4. my horse is turning 26 years old this year. I’ve owned him since he was a 6 year old. When I retired him at age 17 I quit riding. Your post, and horse, makes me want to ride again. BTW, my horse was always getting injured when he lived in a 12′ X 24′ stall. Now, in a 2 acre pasture with 3 mares, zero vet bills, zero lameness and he looks like a youngster.

      • PS Lucky horse that you’ve kept him through retirement. I’ve seen some very sad situations where people are dumping old and lame horses.

        • Seriously? People get rid of their old lame horses? That’s really sad, to keep a horse for 20+ years (or less) and then get rid of it because it’s an inconvenience (I’m guessing that’s why they do it). Thank goodness Tonka won’t have to go through that!!!

          • Horses are very expensive to keep. Some people can honestly no longer afford it. Some people lose interest in riding and no longer want to spend the thousands a year that it takes to maintain a horse. There are many difficult stories. Not all are black and white. Unfortunately, there are also those people who try to unload their old horses (who deserve a comfortable retirement) to situations that are not good. I’ve seen elderly, lame horses being sold as beginner mounts. Quite sad and upsetting.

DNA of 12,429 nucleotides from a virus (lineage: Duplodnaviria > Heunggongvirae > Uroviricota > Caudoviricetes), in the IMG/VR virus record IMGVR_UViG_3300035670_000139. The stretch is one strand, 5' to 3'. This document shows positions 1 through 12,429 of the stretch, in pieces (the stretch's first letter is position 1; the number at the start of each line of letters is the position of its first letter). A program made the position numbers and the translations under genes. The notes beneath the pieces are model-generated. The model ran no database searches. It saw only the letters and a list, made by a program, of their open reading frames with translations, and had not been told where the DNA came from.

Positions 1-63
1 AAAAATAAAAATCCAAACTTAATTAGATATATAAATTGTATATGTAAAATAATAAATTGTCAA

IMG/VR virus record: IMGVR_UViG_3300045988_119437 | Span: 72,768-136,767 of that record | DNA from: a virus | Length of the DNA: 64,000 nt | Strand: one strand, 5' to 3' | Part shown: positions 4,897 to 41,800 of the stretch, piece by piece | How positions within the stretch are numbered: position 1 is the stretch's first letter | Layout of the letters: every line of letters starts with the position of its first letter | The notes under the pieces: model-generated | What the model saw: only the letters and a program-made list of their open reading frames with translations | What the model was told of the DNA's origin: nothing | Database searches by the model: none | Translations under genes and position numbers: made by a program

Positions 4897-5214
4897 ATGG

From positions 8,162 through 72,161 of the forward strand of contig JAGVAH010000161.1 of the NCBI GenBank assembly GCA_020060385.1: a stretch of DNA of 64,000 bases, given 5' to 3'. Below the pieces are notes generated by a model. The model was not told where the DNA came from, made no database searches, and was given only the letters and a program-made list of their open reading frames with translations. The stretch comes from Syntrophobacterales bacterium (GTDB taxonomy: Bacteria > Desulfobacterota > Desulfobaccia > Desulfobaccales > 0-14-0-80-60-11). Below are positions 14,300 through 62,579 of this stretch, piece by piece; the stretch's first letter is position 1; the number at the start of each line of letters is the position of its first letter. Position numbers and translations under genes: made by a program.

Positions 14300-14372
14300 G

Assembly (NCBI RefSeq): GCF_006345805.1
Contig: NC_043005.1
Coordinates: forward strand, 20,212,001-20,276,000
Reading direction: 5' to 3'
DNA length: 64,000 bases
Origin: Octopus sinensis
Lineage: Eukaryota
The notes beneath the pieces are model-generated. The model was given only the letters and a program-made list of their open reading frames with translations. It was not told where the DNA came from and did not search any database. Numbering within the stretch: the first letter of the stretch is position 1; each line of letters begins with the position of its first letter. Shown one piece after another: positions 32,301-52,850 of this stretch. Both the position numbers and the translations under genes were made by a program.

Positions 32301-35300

5. Happy Birthday Tonka!! All your stories make me homesick for the farm and my horses. I started riding very early in life and rode until we moved to town and had to re-home our beloved horses. Haven’t had a horse to ride in close to 40 years and I can still close my eyes and smell them and feel their movement under me. God bless you for giving your Tonka such a wonderful forever home! Hope you have many, many more wonderful years with him.

  6. What a blessing for Tonka and for you to have each other. I am so glad for you that you discovered you could ride again. Enjoy each other.

  7. Thanks for such a warm and educational story. I so enjoy all of your animal knowledge! You and Tonka are very lucky to have each other!

    Thanks again!!

  8. I love the matching smiles on you both on the last photo. Says it all!

  9. Happy birthday, Tonka! May you and Terry have a lifetime of gentle conversations, walks in the woods, and lots peppermint candies.

  10. Happy Happy Birthday, Tonka!!! Peppermint candy!!! Who knew? I once had a cat that adored Butter Rum Lifesavers!

  11. Happy Birthday, Dear Tonka. You bring a lot of joy to your Lovely Lady and us followers of your antics. That mint must have made you smile!!

  12. What a charmer he is! I miss my days as a ” stable rat”. you two inspire me to literally get back in the saddle again!

  13. Happy Birthday Tonka….I always find it very sad when people don’t commit to their horses their entire life. They serve us all their life – they deserve a retirement with us also. Sadly too many people dump them at that stage.